This is a competitive renewal for an RO1 to apply mixed bone marrow chimerism to induce tolerance for primarily vascularized allografts. The applicants propose to continue their studies to apply mixed chimerism, with all of its advantages, to induce donor specific transplantation tolerance for solid organ allografts and to identify factors that will enable clinical application of this model. They will focus on three specific aims.
The first aim i s to achieve mixed chimerism with a nonlethal conditioning approach, since their current approaches require lethal recipient ablation, which cannot be justified in efforts to induce tolerance for solid organ grafts.
The second aim i s to define and characterize the host cell populations that constitute space (hematopoietic niche) and those that comprise alloresistance to engraftment in order to allow a specific approach to achieve chimerism and tolerance by targeting specific cellular populations in the host. The third specific aim is to examine whether chronic rejection of primarily vascularized allografts occurs or is prevented in mixed chimerism.

National Institute of Health (NIH)
National Institute of Diabetes and Digestive and Kidney Diseases (NIDDK)
Research Project (R01)
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Surgery, Anesthesiology and Trauma Study Section (SAT)
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Allegheny University of Health Sciences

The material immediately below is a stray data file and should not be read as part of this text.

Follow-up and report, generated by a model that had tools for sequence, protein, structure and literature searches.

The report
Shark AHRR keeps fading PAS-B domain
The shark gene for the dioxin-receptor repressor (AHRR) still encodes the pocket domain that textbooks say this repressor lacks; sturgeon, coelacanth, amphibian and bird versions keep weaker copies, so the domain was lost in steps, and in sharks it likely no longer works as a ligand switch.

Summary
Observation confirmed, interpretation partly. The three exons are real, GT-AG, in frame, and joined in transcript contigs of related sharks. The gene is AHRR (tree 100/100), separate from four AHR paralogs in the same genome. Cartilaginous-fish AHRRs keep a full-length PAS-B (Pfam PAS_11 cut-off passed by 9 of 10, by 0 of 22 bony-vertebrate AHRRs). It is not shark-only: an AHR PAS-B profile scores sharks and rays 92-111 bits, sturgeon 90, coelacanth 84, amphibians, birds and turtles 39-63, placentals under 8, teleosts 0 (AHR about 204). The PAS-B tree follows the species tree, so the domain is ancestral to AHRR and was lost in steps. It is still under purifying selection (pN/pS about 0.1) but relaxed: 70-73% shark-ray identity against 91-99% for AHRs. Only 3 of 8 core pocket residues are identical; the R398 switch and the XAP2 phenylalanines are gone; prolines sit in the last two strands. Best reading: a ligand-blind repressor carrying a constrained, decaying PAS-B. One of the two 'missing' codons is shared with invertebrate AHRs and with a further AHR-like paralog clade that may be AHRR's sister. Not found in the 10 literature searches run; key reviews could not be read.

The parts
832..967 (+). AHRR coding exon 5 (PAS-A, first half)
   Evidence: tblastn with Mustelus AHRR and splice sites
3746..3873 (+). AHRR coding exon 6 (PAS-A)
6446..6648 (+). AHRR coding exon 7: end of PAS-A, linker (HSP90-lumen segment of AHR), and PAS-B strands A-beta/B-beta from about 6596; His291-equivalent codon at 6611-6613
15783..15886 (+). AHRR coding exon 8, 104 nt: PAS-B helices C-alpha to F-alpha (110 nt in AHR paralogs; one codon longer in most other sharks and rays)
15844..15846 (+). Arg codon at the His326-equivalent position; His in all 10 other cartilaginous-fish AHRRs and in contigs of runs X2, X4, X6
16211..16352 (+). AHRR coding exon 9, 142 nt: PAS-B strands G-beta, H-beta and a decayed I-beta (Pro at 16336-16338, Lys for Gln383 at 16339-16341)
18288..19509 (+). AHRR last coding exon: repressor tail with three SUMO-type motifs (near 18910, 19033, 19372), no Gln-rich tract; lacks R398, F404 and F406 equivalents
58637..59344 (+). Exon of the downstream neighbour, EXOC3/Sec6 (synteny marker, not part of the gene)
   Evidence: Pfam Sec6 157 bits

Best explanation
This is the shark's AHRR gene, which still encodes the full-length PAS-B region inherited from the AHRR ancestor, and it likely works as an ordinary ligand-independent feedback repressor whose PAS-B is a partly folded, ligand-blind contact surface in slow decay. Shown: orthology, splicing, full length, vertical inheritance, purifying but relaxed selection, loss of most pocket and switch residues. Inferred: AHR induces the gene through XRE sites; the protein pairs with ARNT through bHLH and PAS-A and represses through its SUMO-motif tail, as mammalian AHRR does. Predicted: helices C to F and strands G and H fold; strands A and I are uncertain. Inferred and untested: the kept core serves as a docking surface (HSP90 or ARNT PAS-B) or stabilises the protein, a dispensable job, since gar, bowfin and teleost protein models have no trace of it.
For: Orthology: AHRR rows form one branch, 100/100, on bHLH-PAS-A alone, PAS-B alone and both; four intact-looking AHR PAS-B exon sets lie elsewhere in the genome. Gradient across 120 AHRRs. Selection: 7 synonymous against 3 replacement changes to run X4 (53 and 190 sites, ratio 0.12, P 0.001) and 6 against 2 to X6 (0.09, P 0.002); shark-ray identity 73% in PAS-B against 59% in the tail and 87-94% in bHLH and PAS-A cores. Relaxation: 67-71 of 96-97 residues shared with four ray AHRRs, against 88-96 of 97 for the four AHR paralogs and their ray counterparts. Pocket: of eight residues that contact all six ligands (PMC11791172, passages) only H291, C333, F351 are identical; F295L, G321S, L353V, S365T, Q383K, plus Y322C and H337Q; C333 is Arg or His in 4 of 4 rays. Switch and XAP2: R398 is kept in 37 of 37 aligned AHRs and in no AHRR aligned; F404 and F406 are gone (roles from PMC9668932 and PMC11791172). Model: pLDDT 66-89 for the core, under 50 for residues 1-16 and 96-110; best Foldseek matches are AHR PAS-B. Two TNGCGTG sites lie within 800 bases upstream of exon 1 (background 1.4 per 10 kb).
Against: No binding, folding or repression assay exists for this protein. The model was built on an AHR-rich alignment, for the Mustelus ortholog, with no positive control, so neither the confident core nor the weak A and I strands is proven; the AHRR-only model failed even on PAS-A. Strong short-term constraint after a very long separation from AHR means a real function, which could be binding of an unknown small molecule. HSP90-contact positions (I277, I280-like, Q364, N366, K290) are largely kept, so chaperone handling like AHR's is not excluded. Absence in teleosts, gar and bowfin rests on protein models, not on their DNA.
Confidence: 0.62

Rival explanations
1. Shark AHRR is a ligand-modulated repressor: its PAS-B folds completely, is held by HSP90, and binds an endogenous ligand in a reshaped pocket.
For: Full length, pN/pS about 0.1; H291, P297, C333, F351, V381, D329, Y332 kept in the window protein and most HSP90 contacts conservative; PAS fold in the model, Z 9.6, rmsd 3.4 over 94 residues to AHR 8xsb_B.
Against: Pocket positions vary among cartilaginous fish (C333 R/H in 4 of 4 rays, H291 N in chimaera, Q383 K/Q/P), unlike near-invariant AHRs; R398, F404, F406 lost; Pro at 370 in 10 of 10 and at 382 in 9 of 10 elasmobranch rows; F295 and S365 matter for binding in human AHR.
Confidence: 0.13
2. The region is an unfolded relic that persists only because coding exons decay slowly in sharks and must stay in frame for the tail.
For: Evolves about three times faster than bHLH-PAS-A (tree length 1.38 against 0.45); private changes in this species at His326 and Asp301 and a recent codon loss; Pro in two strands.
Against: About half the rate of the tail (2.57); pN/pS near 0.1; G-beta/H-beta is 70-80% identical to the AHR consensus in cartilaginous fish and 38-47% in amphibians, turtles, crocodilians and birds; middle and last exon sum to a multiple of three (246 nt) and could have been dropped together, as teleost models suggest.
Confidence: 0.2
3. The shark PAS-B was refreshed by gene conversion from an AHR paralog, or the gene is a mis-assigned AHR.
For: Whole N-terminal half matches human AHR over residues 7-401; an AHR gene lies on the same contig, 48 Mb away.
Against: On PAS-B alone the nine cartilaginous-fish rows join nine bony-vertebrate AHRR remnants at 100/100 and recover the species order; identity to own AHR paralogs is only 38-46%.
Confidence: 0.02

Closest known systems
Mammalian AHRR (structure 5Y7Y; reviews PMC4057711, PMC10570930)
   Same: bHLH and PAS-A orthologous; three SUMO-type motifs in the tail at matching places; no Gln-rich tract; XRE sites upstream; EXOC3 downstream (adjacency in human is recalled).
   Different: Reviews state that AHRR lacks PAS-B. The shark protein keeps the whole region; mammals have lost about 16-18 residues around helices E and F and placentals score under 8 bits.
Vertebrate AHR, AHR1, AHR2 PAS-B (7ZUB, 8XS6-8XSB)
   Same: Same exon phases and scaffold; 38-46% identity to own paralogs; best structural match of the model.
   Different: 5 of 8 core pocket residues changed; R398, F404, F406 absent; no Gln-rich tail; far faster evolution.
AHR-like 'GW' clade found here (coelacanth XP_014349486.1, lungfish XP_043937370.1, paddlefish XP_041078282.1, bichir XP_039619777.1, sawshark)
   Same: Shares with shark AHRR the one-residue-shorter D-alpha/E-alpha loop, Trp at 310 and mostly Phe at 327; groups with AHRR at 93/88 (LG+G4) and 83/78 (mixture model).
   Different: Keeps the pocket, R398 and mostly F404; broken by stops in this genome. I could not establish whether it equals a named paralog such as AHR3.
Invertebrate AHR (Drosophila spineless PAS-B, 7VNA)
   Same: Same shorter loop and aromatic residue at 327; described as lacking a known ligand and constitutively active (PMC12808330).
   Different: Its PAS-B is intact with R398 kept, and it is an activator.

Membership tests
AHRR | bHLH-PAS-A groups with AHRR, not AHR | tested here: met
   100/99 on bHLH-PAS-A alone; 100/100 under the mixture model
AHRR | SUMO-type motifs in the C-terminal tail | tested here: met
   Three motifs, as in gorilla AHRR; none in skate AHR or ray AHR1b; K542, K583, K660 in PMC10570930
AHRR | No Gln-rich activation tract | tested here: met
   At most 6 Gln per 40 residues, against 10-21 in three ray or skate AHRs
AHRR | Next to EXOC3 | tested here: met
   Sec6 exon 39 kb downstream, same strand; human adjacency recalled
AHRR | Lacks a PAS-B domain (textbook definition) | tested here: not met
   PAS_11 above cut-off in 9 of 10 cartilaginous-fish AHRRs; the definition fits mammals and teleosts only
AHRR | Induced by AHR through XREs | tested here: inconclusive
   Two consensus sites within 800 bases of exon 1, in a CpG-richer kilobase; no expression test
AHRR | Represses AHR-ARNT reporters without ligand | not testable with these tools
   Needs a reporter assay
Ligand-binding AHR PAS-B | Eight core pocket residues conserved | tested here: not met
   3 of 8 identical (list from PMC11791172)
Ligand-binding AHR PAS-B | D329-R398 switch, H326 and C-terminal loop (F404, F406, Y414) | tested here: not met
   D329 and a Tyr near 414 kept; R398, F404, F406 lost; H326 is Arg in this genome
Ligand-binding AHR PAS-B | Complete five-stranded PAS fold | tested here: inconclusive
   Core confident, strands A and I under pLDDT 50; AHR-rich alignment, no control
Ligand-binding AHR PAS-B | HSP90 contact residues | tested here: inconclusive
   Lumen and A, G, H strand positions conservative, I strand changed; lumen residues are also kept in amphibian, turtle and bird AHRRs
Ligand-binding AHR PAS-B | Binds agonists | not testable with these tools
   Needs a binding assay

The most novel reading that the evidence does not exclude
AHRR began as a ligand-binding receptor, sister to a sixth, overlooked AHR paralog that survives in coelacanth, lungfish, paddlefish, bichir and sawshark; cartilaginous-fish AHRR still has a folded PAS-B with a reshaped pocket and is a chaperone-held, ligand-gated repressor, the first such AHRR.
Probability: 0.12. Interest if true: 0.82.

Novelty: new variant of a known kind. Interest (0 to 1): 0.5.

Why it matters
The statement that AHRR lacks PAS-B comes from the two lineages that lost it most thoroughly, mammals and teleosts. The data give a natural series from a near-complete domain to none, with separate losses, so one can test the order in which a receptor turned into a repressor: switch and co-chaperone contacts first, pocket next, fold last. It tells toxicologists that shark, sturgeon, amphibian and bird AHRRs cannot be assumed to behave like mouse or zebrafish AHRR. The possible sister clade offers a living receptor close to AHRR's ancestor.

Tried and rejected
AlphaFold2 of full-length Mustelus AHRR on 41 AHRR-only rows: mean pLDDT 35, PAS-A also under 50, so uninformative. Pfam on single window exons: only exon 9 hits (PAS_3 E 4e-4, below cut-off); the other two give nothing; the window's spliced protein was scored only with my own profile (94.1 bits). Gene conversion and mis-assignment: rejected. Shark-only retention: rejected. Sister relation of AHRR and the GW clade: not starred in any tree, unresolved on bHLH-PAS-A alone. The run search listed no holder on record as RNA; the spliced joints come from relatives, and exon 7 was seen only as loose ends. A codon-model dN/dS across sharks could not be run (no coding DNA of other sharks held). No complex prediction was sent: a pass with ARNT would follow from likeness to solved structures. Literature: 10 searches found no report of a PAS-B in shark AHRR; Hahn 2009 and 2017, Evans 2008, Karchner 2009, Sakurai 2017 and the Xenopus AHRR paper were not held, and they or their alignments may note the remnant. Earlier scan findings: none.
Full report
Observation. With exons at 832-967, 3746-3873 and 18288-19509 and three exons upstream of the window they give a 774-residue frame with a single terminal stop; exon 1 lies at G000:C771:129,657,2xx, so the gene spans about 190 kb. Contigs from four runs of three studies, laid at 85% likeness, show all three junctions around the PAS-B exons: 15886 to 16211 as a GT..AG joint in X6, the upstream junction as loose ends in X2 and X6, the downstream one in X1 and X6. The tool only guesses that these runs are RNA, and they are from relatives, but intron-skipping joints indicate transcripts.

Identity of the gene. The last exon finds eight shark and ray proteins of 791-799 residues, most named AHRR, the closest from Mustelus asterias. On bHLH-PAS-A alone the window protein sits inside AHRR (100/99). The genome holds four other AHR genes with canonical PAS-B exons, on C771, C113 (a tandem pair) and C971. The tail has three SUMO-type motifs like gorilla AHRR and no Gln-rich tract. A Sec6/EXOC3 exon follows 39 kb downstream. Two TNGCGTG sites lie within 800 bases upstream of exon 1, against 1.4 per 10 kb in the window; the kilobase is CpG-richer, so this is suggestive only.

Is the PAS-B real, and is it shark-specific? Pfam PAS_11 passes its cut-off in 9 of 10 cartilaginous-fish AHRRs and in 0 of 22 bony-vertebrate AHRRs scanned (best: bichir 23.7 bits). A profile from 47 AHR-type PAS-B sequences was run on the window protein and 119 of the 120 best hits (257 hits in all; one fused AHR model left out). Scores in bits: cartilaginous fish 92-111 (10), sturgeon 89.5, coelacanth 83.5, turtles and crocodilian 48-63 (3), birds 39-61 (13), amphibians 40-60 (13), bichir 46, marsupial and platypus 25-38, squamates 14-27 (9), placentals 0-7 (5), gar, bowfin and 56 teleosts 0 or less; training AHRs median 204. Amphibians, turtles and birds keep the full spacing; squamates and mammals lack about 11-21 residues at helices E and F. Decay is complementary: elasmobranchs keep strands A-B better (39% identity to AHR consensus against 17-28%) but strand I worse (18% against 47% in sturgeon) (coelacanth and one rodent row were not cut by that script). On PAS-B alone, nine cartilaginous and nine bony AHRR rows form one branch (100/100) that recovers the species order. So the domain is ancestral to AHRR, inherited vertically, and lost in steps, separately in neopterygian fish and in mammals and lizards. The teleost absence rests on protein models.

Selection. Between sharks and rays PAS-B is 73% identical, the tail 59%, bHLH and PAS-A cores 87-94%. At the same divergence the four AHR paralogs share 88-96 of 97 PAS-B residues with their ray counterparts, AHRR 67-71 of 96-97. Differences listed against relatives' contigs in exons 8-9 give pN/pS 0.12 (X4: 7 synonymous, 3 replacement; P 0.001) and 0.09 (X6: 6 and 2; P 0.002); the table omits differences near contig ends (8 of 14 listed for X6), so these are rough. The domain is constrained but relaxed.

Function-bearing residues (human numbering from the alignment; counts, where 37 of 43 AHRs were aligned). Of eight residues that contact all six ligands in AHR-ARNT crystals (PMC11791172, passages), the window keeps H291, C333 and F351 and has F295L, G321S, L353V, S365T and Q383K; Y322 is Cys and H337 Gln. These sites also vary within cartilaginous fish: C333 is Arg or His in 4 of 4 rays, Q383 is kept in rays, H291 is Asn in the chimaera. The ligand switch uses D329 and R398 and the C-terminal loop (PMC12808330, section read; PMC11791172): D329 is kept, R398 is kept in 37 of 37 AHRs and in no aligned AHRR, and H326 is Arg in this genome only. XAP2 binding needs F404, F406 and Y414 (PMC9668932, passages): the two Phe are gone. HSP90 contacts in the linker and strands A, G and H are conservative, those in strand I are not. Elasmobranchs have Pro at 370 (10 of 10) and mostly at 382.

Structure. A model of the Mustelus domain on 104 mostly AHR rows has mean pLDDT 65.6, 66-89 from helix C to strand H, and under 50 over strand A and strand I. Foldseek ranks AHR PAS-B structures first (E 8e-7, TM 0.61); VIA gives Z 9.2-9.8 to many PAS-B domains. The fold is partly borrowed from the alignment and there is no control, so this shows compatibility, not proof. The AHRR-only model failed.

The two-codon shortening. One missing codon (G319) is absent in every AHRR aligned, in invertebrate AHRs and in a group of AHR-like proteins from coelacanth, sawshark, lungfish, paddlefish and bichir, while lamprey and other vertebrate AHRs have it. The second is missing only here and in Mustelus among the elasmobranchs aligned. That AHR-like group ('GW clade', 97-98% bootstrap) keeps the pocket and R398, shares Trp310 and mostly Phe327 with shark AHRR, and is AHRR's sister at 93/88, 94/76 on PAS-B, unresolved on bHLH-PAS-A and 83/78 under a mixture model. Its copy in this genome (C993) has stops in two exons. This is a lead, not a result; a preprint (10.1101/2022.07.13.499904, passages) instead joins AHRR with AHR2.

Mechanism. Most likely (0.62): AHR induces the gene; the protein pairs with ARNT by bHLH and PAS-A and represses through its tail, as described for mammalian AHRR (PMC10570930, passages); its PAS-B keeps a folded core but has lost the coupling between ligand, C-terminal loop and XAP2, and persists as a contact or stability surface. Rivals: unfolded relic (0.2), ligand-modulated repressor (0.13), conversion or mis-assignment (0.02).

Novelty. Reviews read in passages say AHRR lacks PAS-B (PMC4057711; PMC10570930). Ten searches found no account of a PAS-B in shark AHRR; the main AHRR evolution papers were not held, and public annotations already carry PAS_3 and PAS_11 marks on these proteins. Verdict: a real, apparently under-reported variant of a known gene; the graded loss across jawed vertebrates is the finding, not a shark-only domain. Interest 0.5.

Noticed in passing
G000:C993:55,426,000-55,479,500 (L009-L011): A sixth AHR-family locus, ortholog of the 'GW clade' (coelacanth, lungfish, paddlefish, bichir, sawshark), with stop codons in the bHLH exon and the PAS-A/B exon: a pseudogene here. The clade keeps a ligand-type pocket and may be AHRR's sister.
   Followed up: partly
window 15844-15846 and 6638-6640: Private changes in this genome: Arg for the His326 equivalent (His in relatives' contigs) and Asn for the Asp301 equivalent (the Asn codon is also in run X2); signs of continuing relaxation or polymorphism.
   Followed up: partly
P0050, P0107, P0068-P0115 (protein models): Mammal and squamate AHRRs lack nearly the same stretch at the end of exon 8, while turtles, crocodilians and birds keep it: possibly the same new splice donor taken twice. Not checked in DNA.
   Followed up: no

Schools of Medicine
United States
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Brouha, P C; Ildstad, S T (2001) Mixed allogeneic chimerism. Past, present, and prospects for the future. Transplantation 72:S36-42
Neipp, M; Gammie, J S; Exner, B G et al. (1999) A partial conditioning approach to achieve mixed chimerism in the rat: depletion of host natural killer cells significantly reduces the amount of total body irradiation required for engraftment. Transplantation 68:369-78
Neipp, M; Exner, B G; Maru, D et al. (1999) T-cell depletion of allogeneic bone marrow using anti-alphabetaTCR monoclonal antibody: prevention of graft-versus-host disease without affecting engraftment potential in rats. Exp Hematol 27:860-7
Exner, B G; Acholonu, I N; Bergheim, M et al. (1999) Mixed allogeneic chimerism to induce tolerance to solid organ and cellular grafts. Acta Haematol 101:78-81
Exner, B G; Domenick, M A; Bergheim, M et al. (1999) Clinical applications of mixed chimerism. Ann N Y Acad Sci 872:377-85;discussion 385-6
Neipp, M; Exner, B G; Ildstad, S T (1998) A nonlethal conditioning approach to achieve engraftment of xenogeneic rat bone marrow in mice and to induce donor-specific tolerance. Transplantation 66:969-75
Colson, Y L; Li, H; Boggs, S S et al. (1996) Durable mixed allogeneic chimerism and tolerance by a nonlethal radiation-based cytoreductive approach. J Immunol 157:2820-9
Colson, Y L; Lange, J; Fowler, K et al. (1996) Mechanism for cotolerance in nonlethally conditioned mixed chimeras: negative selection of the Vbeta T-cell receptor repertoire by both host and donor bone marrow-derived cells. Blood 88:4601-10
Kaufman, C L; Chambers, W H; Ildstad, S T (1993) Coexpression of NKR-P1 and alpha beta-TCR on lymphoid cells in fully xenogeneic (rat-->mouse) chimeras and syngeneically reconstituted (A-->A) rats. J Immunol 151:6002-11
Cooper, M H; Nalesnik, M A; Watkins, S C et al. (1993) Cross-species graft-versus-host-disease is accompanied by a donor-derived cellular immune response. Transplantation 56:934-40

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